I am a Human Geographer and my primary research interest lies in understanding the role of contentious politics in shaping development agendas in the Global South. Much of my research has focused on indigenous and environmental politics with an emphasis on Latin America, particularly in relation to resource conflicts.
I received my BA (Hons) and MA degrees in Geography from the University of Sheffield. My postgraduate work focused on the anti-consumerist movement ‘freeganism’ in New York, USA, and across the UK. I then studied for my PhD in Geography at the University of Glasgow (2010-2015), which explored a contemporary Left-indigenous movement that formed in resistance to the Bolivian government’s proposal to build a road through an indigenous territory and national park, known as the TIPNIS.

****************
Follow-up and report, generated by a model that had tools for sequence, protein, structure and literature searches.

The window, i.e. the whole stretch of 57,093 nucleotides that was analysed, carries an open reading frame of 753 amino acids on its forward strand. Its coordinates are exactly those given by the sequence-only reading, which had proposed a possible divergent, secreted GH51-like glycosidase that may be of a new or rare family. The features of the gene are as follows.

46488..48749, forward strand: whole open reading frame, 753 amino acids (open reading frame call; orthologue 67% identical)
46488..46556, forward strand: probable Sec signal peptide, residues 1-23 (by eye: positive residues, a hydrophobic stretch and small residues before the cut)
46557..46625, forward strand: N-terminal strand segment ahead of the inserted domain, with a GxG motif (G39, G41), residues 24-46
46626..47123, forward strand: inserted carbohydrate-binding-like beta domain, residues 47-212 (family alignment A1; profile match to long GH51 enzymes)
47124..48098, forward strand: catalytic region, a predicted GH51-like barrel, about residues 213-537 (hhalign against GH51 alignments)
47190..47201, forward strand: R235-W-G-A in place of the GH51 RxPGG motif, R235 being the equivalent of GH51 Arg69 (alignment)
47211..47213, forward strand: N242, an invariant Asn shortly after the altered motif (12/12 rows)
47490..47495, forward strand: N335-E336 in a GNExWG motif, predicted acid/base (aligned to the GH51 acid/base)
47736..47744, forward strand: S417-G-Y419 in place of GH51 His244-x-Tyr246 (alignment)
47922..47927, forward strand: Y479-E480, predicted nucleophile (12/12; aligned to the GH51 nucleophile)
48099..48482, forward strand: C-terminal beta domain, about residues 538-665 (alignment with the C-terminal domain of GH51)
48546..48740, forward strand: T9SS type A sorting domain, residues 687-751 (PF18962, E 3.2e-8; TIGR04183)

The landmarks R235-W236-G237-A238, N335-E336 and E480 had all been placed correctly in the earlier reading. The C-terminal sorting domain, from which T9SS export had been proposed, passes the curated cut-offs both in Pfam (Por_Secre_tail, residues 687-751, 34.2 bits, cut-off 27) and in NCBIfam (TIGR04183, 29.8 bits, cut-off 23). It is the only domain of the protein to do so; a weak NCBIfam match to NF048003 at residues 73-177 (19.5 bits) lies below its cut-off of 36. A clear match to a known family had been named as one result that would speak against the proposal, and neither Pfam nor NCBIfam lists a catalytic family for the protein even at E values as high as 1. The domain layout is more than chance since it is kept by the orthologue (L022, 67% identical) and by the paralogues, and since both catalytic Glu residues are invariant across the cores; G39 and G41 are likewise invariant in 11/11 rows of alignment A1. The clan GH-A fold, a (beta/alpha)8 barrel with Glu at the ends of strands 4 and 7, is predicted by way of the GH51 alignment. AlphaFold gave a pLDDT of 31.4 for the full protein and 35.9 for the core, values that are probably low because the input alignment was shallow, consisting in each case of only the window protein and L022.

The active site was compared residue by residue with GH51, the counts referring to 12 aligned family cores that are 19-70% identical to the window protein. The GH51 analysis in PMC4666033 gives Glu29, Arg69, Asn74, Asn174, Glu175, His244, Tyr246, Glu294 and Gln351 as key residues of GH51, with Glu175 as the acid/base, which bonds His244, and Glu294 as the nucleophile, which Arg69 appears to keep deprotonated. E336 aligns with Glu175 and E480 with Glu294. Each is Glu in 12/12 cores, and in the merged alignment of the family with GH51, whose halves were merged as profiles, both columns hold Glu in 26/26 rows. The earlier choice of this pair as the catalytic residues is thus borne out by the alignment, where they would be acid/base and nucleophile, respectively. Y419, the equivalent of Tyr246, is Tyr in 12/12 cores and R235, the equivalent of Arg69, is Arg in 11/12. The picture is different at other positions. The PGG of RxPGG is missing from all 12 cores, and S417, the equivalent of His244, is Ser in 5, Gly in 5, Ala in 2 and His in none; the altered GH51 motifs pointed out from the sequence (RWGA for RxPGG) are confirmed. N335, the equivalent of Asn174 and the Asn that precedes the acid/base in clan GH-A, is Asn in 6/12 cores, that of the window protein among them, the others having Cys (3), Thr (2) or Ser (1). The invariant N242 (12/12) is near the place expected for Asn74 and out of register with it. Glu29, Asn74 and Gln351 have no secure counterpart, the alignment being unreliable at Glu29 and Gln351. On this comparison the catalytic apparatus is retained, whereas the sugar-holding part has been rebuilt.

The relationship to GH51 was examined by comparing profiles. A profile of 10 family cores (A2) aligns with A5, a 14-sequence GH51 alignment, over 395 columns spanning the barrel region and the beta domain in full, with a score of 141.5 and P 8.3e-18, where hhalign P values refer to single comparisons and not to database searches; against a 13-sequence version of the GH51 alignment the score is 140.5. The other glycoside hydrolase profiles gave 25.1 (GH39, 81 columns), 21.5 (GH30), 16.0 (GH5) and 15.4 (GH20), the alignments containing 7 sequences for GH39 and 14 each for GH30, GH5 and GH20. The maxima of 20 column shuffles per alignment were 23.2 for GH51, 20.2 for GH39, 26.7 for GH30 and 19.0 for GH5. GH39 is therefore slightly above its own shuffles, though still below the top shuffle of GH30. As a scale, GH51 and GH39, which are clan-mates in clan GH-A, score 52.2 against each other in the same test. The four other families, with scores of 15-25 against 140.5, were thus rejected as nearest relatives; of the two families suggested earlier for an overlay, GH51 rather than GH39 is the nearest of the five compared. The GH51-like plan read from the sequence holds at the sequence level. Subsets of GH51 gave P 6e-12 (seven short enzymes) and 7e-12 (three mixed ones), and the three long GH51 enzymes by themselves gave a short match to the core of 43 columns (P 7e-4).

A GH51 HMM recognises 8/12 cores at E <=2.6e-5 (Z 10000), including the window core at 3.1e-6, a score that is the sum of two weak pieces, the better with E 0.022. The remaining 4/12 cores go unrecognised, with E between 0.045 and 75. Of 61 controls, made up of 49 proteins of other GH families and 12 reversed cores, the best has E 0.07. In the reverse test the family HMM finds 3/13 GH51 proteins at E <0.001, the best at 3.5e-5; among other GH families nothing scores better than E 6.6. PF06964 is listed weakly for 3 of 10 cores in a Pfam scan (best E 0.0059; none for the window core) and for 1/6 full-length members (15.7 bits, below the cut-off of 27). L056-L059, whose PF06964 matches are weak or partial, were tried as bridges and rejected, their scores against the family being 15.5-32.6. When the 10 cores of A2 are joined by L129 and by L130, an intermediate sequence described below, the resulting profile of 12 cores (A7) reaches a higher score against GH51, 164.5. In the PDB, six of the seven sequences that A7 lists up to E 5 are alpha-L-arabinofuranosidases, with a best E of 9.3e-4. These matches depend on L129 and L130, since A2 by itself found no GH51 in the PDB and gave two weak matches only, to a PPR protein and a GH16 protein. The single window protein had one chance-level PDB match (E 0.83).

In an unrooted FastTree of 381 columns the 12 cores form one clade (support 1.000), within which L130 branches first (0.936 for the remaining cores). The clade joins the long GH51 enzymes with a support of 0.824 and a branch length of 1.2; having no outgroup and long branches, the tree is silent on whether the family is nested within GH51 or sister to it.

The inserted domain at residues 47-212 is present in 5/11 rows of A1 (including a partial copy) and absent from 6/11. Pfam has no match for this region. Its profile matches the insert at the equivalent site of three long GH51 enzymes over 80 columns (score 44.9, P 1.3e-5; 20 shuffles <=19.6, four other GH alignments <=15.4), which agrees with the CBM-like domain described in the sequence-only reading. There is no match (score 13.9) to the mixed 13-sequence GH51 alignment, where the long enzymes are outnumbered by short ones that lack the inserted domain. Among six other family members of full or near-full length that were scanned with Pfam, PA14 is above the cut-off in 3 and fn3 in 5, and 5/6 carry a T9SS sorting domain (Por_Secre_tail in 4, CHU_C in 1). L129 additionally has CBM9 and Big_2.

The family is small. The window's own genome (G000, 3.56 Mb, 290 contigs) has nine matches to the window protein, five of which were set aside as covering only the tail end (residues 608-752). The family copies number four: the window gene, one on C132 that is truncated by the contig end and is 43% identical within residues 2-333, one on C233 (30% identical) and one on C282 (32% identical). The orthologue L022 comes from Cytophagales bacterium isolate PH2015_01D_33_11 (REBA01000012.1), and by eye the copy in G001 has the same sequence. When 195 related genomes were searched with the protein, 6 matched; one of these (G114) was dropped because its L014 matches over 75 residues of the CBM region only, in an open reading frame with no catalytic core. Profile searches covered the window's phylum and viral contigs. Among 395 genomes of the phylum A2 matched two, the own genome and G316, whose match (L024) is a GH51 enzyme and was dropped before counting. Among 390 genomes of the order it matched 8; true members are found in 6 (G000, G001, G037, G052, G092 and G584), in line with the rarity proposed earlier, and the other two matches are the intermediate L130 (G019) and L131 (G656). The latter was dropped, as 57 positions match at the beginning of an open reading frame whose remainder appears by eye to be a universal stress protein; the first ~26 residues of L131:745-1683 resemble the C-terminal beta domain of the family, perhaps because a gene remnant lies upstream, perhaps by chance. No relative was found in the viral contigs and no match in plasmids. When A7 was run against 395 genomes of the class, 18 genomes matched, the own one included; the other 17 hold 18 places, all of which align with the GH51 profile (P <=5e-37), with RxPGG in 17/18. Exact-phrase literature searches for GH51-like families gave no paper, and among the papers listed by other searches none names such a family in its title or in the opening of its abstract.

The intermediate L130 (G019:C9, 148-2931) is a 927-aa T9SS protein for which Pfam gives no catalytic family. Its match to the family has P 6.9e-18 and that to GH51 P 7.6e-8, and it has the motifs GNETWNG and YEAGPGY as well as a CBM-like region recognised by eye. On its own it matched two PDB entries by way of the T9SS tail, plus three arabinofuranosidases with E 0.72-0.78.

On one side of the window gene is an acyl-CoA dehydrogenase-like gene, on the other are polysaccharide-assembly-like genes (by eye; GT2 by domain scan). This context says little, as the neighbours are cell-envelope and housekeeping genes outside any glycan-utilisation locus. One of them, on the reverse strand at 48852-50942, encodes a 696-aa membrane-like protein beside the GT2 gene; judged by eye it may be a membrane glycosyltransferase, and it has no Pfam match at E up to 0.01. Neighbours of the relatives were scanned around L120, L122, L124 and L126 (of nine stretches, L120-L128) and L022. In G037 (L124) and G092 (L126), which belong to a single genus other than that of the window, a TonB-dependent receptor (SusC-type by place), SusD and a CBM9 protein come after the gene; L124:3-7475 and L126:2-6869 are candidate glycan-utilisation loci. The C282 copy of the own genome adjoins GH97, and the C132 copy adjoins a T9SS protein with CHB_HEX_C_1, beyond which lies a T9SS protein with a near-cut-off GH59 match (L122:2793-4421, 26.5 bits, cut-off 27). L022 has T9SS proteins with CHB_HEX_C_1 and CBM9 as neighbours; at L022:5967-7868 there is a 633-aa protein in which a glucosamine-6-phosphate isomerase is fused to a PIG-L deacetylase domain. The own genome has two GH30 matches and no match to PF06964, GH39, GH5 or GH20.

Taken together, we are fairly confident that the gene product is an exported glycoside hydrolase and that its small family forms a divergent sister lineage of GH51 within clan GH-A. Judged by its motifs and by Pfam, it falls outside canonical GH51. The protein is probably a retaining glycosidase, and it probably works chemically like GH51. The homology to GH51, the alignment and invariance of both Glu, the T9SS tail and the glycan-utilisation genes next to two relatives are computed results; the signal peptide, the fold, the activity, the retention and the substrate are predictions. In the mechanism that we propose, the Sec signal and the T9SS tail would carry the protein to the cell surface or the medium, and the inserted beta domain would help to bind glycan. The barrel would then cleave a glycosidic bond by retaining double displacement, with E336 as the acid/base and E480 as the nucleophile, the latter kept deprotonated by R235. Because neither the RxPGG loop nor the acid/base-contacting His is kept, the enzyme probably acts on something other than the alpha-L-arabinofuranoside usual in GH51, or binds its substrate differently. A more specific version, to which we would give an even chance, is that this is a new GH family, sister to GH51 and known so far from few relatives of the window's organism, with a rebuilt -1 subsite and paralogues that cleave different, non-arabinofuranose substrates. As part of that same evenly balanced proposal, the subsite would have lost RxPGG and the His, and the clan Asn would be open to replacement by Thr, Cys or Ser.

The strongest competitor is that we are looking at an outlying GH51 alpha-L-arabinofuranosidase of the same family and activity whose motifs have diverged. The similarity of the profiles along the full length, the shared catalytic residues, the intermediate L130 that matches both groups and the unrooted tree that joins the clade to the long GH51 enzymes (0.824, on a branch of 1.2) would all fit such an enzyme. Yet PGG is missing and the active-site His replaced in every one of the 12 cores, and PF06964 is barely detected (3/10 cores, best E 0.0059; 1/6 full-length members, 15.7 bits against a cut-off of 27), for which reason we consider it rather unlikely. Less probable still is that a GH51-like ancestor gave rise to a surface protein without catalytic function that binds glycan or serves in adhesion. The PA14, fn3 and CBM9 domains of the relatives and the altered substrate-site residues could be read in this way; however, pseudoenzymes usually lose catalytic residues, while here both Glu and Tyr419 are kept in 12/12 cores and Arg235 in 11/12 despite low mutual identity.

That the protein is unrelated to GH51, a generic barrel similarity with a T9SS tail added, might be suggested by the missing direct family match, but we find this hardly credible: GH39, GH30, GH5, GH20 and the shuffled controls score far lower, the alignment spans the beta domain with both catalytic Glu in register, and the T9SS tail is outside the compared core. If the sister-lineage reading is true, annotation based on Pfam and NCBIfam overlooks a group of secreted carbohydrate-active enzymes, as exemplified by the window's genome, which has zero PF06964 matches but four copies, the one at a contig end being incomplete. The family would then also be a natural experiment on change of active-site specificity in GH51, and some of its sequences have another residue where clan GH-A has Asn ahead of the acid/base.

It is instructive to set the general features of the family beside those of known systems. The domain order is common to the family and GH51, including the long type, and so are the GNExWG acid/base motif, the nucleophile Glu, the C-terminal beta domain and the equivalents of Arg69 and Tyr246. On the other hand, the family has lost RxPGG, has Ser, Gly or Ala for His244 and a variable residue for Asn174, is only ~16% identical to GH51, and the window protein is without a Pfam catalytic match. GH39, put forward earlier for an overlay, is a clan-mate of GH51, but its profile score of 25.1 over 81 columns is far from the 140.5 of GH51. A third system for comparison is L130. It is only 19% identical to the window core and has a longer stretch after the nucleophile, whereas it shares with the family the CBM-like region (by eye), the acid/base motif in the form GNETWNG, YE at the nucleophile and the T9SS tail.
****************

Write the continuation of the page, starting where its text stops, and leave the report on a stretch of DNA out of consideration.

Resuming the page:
On joining the University of Sussex in 2016, I have continued my research on resource struggles in Latin America. Most recently, I have been working alongside Lauren Crabb at Coventry University on a project investigating how to build resilience capacity of riverine communities in the Pantanal Wetlands, Brazil, in response to environmental hazards such as small-scale hydroelectric dams (with financial support from the Newton Fund).